Williams, of course, was even hotter than DiMaggio, so maybe the outcome shouldn’t be so surprising. Williams found a fastball that he liked from Chicago’s Claude Passeau and roped it into the upper deck in right field for the game-winning three-run homer. The normally placid Williams literally skipped his way around the bases in celebration. American League 7, National League 5.
The Yankees had planned a huge doubleheader on July 4th and were set to honor the recently deceased Lou Gehrig by unveiling a monument in center field on the two-year anniversary of Lou Gehrig Day, but rain had pushed the celebration to the sixth. With more than 60,000 on hand to pay their respects to the fallen Yankee captain, DiMaggio and the Yanks rose to the occasion. The Yankees beat the A’s 8-4 in the opener before closing out the twin bill with a 3-1 victory in the night cap for their ninth win a row; they now led the league by a comfortable three and a half games. DiMaggio, meanwhile, had a big day. He had three singles and a double in the first game and added another double and a triple in the second game. His 6 for 9 day pushed his average to a robust .357 for the season, but he still trailed Ted Williams (.405) by a considerable margin.
The Yankees beat the Red Sox 8-4 for their sixth straight win, increasing their American Leauge lead to three games over Cleveland. With DiMaggio having already tied Keeler’s mark, the crowd was much smaller, but those 8,662 in the Stadium that day watched as he took the record and stood alone at forty-five games in a row. DiMaggio’s lone hit was a screaming liner that rocketed over Ted Williams’s head and found the left field seats for his eighteenth home run of the season. After the game, a young Williams admitted admiration for DiMaggio. “I really wish I could hit like that guy Joe DiMaggio. I’m being honest.” Williams could hit pretty well himself. He was hitting .401 at the time.
[Drawing by Margie Lawrence]
More than 50,000 fans packed Yankee Stadium to watch DiMaggio as he took aim at the all-time hitting streak record. Wee Willie Keeler had hit in forty-four straight games in 1897. The crowd was anticipating a record, and they were also no doubt excited to watch the Yanks battle Ted Williams and the Red Sox. In the opening game, DiMaggio came up empty in his first two at bats, fouling out to first in the first inning and grounding out to third in the third. In the fifth, he hit another grounder to third, but third baseman Jim Tabor bobbled it momentarily before firing wildly to first, allowing DiMaggio to reach second.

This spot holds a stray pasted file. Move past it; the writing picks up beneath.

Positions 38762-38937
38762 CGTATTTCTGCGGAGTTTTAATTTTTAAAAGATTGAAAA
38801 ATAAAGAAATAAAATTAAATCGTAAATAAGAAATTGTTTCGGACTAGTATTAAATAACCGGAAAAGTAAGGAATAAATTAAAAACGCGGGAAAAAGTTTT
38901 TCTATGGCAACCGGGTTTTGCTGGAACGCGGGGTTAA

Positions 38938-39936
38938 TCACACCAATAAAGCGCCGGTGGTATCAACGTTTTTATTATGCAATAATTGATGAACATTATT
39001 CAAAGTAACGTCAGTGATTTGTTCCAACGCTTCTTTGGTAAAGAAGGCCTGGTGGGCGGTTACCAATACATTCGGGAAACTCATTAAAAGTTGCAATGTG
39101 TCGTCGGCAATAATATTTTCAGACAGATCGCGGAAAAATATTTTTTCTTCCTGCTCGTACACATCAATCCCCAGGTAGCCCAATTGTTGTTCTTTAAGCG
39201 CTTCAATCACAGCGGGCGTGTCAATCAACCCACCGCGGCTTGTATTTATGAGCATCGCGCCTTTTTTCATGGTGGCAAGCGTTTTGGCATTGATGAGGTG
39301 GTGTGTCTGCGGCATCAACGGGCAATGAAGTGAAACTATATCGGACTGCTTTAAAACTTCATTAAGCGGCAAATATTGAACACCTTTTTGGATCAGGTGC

The official scorer gave him a hit, although many disputed the call. The crowd, incidentally, was left in the dark, as the scoreboard at that time did not flash the H or E that modern fans are accustomed to seeing. Most people in the park didn’t know whether or not the streak had been extended. With his next at bat, however, DiMaggio erased all doubt with a clean line drive into left field. The crowd erupted with an ovation that lasted a full five minutes. The Yankees won the game, 7-2, but for the first time in nearly a month they didn’t hit any balls over the wall. Their record of hitting home runs in twenty-five straight games still stands today. (I think it’s been tied recently, if I remember correctly; it’s a difficult record to track down.)
It should also be noted that there were two DiMaggios playing center field on this day; Joe’s younger brother Dom was in the other dugout with the Red Sox, and he hit his fourth home run of the season in the opener of the double header.
DiMaggio took care of business much earlier in the second game. He lined a single over shortstop for a single in the first inning to tie Keeler’s record. The Yankees won easily in an abbreviated five-inning game, 9-2, and stretched their lead in the American League to 2 1/2 games over the Cleveland Indians.
The Yankees arrived in the nation’s capital to play a doubleheader against the Washington Senators, and 31,000 fans showed up to watch DiMaggio’s attempt to tie and pass George Sisler’s record. Pitching for the Senators in the opening game was knuckleballer Dutch Leonard, probably the last type of pitcher a hitter on a hot streak wanted to face. DiMaggio had trouble in his first two at bats, lining out to center in the second and popping up to third in the fourth. In the sixth inning, Leonard made the mistake of trying to sneak a fastball past our hero, and DiMaggio roped a double to left center, tying the record at forty-one straight. In the ninth inning, Tommy Henrich knocked a two-run blast into the seats, capping the scoring in the 9-4 Yankee victory and stretching the team’s homer streak to twenty-four games in a row.
But back to DiMaggio. As he prepared for his opportunity to pass Sisler in the second game, he discovered that his bat had been stolen. In these days before star players had boxes of signature bats at their disposal, DiMaggio suddenly found himself without a sword to enter the afternoon’s battle. Some weeks earlier, however, Tommy Henrich had borrowed a bat from DiMaggio, looking to change his luck. It had certainly worked for Henrich, and now, in this desparate hour, he offered it back to DiMaggio.
With his new old bat in hand, DiMaggio looked uneasily towards the second game. He usually prepared his bats by sanding the handles to the desired thickness, but there was no time for that now. Also, in what was typical of ballplayers then and now, he was quite superstitious, and didn’t like the idea of changing anything in the middle of the streak, especially not his bat, but there was no choice.